Opinion
School & District Management Commentary

Learning to Lead?

By Rick Hess — May 17, 2005 7 min read

This February it was reported that a number of New York City public school teachers had been written up by their principals for violating the district’s “workshop model” of instruction, which stipulates precise time limits on teacher lectures and requires group work in each class. As a result, some teachers apparently have taken to “sneak-in teaching” when their principals aren’t looking. New York City Schools Chancellor Joel I. Klein made clear that the principals’ heavy-handed execution wasn’t consistent with his wishes, and that the “workshop model” should be a guide rather than a rigid mandate.

Perhaps the principals in question didn’t get Klein’s memo. Perhaps they thought he wanted them to micromanage, rather than use sensible discretion. Or maybe the principals simply don’t know how to manage differently. After all, as Public Agenda reported in 2003, just one in 10 superintendents in its survey deemed his or her principals excellent at “holding teachers accountable for instruction and student achievement.” In states like Virginia and Texas, we have witnessed a number of cases where principals confront accountability not by focusing on outcomes and employing data but by demanding more paperwork and lock-step instruction.

In an era of results-driven school reform, in which principals are asked to take responsibility for student achievement and use data to drive decisions, their skill and knowledge matter more than ever.

In an era of results-driven school reform, in which principals are asked to take responsibility for student achievement and use data to drive decisions, their skill and knowledge matter more than ever. In a world of charter schooling and merit pay, performance standards and entrepreneurial management, school principals are the team leaders who are asked to rise to the challenge and seize new opportunities.

Ominously, the evidence suggests that the revolution in school accountability, organization, and management has so far left the nation’s principals behind. In 2003, Public Agenda reported that today’s superintendents want their principals to display prowess in everything from accountability to instructional leadership and teacher quality, but principals themselves say they are not equipped for these duties. Just 30 percent of principals report they are factoring student achievement into their teacher evaluations. Why so few? One cause may lie in their graduate training, which 96 percent of principals report was less useful than the advice provided by colleagues in preparing them for the job.

A comprehensive study of educational administration conducted by Arthur E. Levine, the president of Teachers College, Columbia University, and released in March raised the stakes in this debate with its harsh assessment of the quality of such administration. (“Study Blasts Leadership Preparation,” March 16, 2005.) Based on an extensive set of surveys and case studies, Levine concluded that “the majority of [educational administration] programs range from inadequate to appalling,” and that the typical course of study required of principal-candidates was largely disconnected from the realities of school management. Levine’s recommendations included creating an education management degree like the M.B.A., eliminating the Ed.D., and stopping the practice of linking salary increments to course credit. Such structural changes are sensible and welcome, but Levine’s study raises the further question of whether we need to devote as much attention to rethinking the content of preparation as to reforming its structure.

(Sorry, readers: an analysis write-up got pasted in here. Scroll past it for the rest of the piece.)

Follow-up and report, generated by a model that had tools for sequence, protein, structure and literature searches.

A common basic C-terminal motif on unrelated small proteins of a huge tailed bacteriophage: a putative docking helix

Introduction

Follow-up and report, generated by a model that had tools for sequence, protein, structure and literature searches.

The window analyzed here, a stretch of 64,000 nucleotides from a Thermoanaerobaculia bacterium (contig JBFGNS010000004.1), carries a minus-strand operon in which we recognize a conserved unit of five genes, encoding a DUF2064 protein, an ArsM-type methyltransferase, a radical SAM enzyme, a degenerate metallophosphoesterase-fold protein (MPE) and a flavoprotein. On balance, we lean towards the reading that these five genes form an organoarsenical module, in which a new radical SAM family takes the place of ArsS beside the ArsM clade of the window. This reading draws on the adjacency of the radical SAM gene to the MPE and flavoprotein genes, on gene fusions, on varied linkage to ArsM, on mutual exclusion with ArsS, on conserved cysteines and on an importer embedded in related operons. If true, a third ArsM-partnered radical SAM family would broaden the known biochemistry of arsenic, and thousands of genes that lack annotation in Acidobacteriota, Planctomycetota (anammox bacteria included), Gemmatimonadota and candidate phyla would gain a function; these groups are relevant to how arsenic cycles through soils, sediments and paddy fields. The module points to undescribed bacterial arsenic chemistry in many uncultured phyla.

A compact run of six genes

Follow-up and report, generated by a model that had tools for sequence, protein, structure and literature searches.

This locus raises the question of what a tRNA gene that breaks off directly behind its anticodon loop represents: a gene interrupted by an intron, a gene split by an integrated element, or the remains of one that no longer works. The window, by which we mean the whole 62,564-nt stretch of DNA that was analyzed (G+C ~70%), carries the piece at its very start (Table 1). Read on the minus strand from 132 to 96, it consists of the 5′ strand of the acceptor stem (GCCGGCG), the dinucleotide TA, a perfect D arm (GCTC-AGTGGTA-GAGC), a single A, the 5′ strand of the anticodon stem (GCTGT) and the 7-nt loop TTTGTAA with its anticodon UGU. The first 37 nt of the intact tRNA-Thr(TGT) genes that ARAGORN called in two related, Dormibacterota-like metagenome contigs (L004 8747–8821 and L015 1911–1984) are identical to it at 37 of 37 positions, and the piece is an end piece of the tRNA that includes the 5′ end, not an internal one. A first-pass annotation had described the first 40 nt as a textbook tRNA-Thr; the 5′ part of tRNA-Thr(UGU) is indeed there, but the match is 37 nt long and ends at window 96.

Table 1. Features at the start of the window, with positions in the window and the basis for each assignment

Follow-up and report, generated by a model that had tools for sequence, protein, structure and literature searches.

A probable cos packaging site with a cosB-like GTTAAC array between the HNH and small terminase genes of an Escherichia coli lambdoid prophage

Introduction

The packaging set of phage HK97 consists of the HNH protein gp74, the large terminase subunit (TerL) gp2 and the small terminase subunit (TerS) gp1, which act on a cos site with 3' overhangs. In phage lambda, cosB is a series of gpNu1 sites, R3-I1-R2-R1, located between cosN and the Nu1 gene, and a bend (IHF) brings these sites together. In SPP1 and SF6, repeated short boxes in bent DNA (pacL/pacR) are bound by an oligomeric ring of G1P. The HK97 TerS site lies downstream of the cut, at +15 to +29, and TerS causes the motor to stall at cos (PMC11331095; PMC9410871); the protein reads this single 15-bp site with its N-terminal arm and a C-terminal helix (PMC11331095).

Put another way: What skills and knowledge are preparation programs teaching to the leaders of 21st-century schools? Are programs teaching what principals need to know?

While Levine’s study did not delve into these particular questions, last year we examined more than 200 core-course syllabuses from a national cross section of principal-preparation programs. Our sample included elite schools and mainstream ones, large programs and small ones, in roughly equal measure. Altogether, we reviewed syllabuses from 31 different programs, including almost 2,500 total weeks of instruction and more than 1,800 reading assignments.

The bottom line was that scant attention was paid to managing with accountability, using data, or making tough personnel decisions. Crucially, we found that just 2 percent of 2,424 course weeks addressed accountability in the context of school management or school improvement, and just 4.5 percent included instruction on managing school improvement using data, technology, or empirical research. Of 350 course weeks devoted to personnel management, just 11 weeks so much as made mention of teacher dismissal, and just eight touched on teacher compensation. Just 11 percent of course weeks devoted to personnel management—or fewer than 2 percent of all weeks—paid any attention at all to the recruitment, selection, or hiring of new teachers.